It seemed fitting that this past week (that we have spent reflecting on our past year of creating Daring Spirits) started with Memorial Day, a day all about remembering and celebrating memories.
We often joke during play (work) sessions, when things feel challenging or are not making sense, when we have realizations and find the amusement again, that we are making memories. It has become sort of a code word to bring the amusement back in -- that in the midst of sharing this information with the world, we are creating memories, for ourselves, for our readers, for our program participants, those around us, etc. Memories. Actual memories. Pieces of information, pictures, funny stories, that others will share with their family and friends, that others will reflect on, that others will carry with them.
We each do that, every day. We make memories. Some memories we want to forget right away and other memories we want to savor and cherish for days, months, years, and decades to come. On this Friday after Memorial Day, as we stand poised for summer festivities to begin, a time full of memory making opportunities, we wanted to take a moment to remind you of the power you have in creating memories...
Memories. I am very aware that my memories before I learned to ground are very different than after I learned to ground. I don't know how else to describe that, except that I can pin point a shift in my life and my memories when I learned to ground and learned the other meditation techniques we work with and share here at DS.
With that awareness, I also become conscious of the powerful choice I have in the memories that I create. We store memories, often in the form of pictures (the movie Inside Out really does a nice job laying it all out) that we access and use throughout our day. If that memory is tainted with happy versus sad, my body responds differently.
Now, please hear me, I'm not saying every memory is happy or we need to make every memory happy. I am suggesting that when I move throughout my day conscious of the memory I am creating or not creating by walking away from an opportunity, I choose to do things differently, not necessarily better or worse, differently.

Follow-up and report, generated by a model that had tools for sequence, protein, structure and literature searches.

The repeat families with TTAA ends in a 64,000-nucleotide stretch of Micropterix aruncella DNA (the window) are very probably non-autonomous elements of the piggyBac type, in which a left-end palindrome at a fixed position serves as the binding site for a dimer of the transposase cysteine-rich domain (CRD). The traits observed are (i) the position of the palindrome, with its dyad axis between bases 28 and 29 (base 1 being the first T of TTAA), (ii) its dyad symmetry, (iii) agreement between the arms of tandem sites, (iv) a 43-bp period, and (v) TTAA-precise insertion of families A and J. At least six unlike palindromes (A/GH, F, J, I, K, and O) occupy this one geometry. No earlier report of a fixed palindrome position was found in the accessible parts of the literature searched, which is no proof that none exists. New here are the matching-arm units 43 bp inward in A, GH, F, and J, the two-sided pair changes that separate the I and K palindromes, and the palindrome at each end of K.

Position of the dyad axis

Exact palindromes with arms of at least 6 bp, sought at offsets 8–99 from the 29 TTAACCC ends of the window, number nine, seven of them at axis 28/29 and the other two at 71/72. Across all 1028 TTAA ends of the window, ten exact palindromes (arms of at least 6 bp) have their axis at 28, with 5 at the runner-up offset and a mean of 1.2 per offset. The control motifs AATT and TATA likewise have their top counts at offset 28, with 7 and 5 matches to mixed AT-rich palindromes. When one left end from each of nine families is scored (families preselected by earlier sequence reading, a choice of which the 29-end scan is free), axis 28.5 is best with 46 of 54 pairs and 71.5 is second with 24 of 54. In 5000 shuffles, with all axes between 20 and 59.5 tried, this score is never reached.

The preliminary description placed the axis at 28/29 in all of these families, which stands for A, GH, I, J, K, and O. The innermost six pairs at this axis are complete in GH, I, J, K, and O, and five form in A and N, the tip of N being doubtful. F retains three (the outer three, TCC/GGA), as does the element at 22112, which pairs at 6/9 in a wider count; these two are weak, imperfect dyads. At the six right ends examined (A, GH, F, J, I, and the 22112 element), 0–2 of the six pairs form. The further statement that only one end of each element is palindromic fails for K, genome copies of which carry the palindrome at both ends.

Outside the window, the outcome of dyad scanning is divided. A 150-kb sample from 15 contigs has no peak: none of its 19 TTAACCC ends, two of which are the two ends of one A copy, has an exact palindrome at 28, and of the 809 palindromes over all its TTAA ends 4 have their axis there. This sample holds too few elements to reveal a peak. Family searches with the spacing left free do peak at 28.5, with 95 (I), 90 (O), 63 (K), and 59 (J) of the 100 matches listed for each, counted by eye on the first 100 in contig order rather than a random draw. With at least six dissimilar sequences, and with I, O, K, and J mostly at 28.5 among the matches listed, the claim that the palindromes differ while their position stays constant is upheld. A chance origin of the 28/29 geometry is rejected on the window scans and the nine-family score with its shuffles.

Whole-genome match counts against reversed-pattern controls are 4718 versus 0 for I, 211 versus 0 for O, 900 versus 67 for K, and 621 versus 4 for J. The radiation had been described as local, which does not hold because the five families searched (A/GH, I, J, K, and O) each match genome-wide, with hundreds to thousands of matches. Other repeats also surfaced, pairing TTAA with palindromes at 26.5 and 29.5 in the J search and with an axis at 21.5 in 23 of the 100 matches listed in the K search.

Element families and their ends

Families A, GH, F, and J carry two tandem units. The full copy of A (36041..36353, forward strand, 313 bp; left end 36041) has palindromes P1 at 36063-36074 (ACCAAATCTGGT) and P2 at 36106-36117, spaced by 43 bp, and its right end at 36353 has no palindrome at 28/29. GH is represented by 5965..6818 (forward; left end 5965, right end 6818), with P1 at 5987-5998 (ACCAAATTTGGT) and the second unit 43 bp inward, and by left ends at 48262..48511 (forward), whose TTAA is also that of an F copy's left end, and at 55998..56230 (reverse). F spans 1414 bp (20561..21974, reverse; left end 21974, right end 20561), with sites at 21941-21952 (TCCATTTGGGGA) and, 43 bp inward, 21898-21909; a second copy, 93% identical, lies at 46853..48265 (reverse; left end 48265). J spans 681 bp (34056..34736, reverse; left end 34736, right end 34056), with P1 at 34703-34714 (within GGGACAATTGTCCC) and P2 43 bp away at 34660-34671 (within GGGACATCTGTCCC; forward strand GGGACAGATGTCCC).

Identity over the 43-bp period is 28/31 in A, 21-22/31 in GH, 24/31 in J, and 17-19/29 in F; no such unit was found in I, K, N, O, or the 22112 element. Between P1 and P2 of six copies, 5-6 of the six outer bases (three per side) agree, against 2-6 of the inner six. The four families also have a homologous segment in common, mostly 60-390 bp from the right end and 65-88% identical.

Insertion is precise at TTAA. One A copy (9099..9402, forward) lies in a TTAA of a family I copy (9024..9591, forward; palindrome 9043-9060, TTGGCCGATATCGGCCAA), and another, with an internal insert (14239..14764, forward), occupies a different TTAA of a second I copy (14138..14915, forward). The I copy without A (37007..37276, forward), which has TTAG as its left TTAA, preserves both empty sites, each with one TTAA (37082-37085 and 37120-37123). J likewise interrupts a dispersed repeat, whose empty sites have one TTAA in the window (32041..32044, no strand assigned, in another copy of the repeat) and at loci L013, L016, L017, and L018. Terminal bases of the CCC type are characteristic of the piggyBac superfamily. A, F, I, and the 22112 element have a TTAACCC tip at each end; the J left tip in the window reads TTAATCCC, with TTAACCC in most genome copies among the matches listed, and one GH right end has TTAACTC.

For example, when I am stopped at a NJ Turnpike rest stop with a sick toddler in tow and three big sisters all needing the bathroom sharing a stall, we can all either get annoyed, irritated and upset with one another for various reasons or we can choose to laugh at the humor of the situation and turn a miserable memory experience into a comical one.
What memory are you going to make today? And how does that change things for you?
It was amusing to me to look at a post titled "Bracing for Change" and then read about memories. One feels forward-thinking, the other...actually, the way Elizabeth wrote about seeing that we are constantly making memories feels forward-thinking, too. That got me pondering what it might look like to brace for change when what you're changing is a memory. More specifically, when you're changing the way you view a moment in the past.
As someone who practices being in the present moment as much as I profess to, I spend a lot of time looking back. Looking back at my childhood, looking back at defining moments, looking back at my path and the paths of those around me, sussing out patterns and connecting dots. One thing I find is that people tend to view their memories as static, like photographs, snapshots frozen in time - and seen from a particular point of view.
Have you ever been at a family gathering and heard one of your childhood memories described by someone else? It's a little disorienting to see something that's a part of your story through the eyes of another, right? There might be details that get shuffled, an emphasis on a different aspect of the story, rose-colored glasses. or distortion of "the facts." You might walk away from an exchange like that feeling lighter, or you may walk away feeling confused, betrayed, or even angry.
Then what? You can't un-see something, so now the picture has more depth, there's more story there. How do you handle it, especially if it's wildly different than your recollection of the memory?
You find some neutrality with it. You allow both pictures to exist side by side, knowing that each of you had the experience you had - and you aren't going to change the experience. You change the memory. Update the picture.
Then look at what's changed in this moment, in the here and now, now that you have more information. Are missing pieces of a puzzle falling into place? New mysteries slipping out of the woodwork? That's the moment when you may want to brace yourself - because things will start getting lit up.
And then things will change, if you're paying attention.
ps - That's exactly what reading a past life does - fills in gaps, updates memories, brings past information into present time. More on that another time, I promise.
pps - To learn how to access the grounding Elizabeth mentioned or the neutrality Barbara wrote about, check out our AMP (Active Meditation Practice) Program, wherein we teach those techniques and more.